With merger, expect airline lobbying to take off


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American Airlines and US Airways, the fourth and fifth biggest domestic airlines that took another step towards merger Friday, are also high fliers when it comes to political influence.

Any marriage of the two carriers would require government approval, and both airlines have been active lobbying Congress — which controls the budgets of the federal agencies that would review the merger's impact on the market, the Justice Department and the Federal Trade Commission.

American Airlines has spent $3.8 million on lobbying in the first three quarters of 2011 and has hired 10 lobbying firms during that period.

Although US Airways has not had as big a lobbying portfolio as American Airlines during the same period (it spent $1.1 million), there are signs that US Airways is starting to ramp up its lobbying efforts.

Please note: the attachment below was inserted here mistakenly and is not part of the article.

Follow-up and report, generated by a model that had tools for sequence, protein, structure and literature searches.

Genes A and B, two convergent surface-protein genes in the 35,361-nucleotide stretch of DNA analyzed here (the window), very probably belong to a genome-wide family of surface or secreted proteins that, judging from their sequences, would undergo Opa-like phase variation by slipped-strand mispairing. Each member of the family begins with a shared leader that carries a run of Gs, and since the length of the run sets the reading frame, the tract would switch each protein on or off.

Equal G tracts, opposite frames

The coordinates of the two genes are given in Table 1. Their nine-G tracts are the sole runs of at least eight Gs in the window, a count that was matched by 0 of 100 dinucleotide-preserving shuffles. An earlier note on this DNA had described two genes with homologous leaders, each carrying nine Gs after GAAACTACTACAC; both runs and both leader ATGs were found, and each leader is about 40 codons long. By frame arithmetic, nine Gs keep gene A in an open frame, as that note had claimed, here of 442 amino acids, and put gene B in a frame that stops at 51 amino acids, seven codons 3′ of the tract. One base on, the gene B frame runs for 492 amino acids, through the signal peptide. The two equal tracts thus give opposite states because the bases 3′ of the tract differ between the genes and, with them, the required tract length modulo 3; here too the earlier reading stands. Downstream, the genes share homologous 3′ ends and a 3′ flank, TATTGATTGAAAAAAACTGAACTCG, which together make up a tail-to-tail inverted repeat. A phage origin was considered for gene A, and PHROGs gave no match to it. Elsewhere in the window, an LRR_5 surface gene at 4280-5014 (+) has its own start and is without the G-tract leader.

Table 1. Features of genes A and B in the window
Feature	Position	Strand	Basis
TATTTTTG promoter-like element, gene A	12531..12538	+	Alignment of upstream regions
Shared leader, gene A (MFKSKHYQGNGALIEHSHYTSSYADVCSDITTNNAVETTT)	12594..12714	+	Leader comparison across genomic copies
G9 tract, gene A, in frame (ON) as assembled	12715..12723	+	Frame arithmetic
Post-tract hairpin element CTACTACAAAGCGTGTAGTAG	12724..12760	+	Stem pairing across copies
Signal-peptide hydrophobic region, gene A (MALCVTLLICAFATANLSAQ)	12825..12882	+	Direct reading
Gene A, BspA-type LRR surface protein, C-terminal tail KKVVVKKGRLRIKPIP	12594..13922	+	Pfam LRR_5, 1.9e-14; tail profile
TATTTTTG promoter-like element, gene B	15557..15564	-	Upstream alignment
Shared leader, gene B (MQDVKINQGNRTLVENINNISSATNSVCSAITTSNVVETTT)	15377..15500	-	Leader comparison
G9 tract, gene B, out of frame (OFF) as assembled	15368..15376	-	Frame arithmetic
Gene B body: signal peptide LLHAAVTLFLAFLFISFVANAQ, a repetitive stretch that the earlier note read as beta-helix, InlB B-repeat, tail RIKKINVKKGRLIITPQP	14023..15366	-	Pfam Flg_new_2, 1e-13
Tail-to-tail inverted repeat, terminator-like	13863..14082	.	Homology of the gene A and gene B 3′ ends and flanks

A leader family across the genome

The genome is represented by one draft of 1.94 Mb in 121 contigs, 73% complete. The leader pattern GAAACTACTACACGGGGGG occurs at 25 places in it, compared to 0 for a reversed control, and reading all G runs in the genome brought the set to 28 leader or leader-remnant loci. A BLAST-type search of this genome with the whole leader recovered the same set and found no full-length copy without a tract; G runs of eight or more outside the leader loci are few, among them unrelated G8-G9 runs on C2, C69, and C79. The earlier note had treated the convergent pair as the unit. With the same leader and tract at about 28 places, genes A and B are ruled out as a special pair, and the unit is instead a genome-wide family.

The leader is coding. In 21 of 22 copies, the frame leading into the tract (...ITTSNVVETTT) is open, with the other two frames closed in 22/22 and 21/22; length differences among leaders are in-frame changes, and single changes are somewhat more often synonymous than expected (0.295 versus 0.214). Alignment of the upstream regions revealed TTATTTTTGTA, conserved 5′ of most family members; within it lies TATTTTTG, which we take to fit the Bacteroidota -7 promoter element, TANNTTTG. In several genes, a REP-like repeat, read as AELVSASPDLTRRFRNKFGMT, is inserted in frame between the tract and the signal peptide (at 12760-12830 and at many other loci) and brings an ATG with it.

On March 1, the Arizona-based airline hired another lobbying firm, Ogilvy Government Relations. Ogilvy has represented high-powered clients such as, Chevron, Deutsche Telekom, the American Petroleum Institute and Visa.

Both airlines and their employees are also active political givers, according to data that Sunlight's Influence Explorer has compiled for both American Airlines and US Airways. In addition, Influence Explorer shows the lobbying and giving of the three airline unions that today gave their blessing to a potential merger. Or the three unions — the Allied Pilots Association, the Association of Professional Flight Attendants and the Transport Workers Union. Of those unions, the Transportaion Worker's Union has he largest lobbying operation with $668,000 in the first three quarters of 2011 while the Piolits union and the Flight Attendent union spent $203,000 and $60,000 respectively, during the same period. 

In the fourth quarter of last year, US Airways revenue hit a record $3.2 billion, according to USA Today. Fuel costs remain high but the results exceeded expectations. American's parent company, AMR is still in bankruptcy court protection under Chapter 11.